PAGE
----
The White House has announced that East Boston’s premier popular music and performing arts program has been named a finalist for the National Arts and Humanities Youth Program Awards.
Zumix, a nonprofit organization dedicated to building community through music and the arts, will be hosting “The House Party” at their facility on the corner of Sumner and Orleans Street on November 2 at 4:00 p.m. to announce if they are one of 12 winners. On that day, First Lady Michelle Obama will present the 2011 National Arts and Humanities Youth Program Awards to representatives from 12 winning organizations, which will be recognized for their effectiveness in developing learning and life skills in young people by engaging them in the arts or humanities.
“We feel very confident about our chances and expect to have around 200 of our participants and family members in attendance, as well as several local politicians and members of the media,” said Zumix Founder and Director Madeleine Steczynski.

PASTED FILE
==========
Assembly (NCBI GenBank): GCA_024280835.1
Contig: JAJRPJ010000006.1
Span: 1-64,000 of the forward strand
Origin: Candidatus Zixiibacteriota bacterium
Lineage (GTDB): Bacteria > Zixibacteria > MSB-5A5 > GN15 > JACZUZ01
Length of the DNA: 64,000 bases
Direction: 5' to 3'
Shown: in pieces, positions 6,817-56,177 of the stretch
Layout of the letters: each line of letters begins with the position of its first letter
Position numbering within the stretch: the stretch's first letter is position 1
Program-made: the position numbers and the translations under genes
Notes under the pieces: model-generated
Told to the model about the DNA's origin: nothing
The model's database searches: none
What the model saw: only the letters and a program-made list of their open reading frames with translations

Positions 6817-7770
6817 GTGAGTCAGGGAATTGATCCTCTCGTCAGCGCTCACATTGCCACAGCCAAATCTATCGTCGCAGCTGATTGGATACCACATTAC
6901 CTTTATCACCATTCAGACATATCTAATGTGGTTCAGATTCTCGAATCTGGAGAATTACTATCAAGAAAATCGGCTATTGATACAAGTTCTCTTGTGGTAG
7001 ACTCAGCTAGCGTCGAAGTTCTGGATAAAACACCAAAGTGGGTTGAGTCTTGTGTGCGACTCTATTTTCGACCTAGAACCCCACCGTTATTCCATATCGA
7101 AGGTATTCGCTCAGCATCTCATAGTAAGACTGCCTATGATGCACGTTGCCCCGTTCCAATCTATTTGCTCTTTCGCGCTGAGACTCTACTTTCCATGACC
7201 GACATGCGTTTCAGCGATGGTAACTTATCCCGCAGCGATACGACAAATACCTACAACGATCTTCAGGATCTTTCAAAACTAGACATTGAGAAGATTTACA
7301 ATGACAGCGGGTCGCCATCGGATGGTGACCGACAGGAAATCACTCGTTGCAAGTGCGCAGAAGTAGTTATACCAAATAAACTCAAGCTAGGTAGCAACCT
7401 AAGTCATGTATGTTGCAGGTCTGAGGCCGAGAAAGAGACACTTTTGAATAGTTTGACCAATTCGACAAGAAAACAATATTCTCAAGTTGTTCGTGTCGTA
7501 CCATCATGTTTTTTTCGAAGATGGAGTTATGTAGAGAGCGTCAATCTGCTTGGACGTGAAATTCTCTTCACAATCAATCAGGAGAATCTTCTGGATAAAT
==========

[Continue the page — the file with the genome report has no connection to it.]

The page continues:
Chosen from a pool of more than 471 nominations, Zumix has been named as one of 38 finalists. The award is the highest honor that arts and humanities youth programs can receive in the United States. The awards are administered by the President’s Committee on the Arts and the Humanities (PCAH), in partnership with the National Endowment for the Arts (NEA), the National Endowment for the Humanities (NEH), and the Institute of Museum and Library Services (IMLS).
First Lady Obama will present the award to the winners in a ceremony to be broadcast live via streaming video from the East Room of the White House.
Zumix was founded in 1991 in response to the epidemic of violence plaguing Boston’s streets in the late 1980s and early 1990s. Since that time Zumix has offered programs in songwriting and performance, instrumental instruction, community radio, and creative technology for youth ages 7-18, as well as private instrumental lessons for all ages.
Zumix has a very good chance of winning a national award. Studies have shown that low-income youth engaged in arts programs are more likely to stay in school, to get good grades, to graduate, and to enroll in college, thereby addressing several critical challenges confronting youth and the community.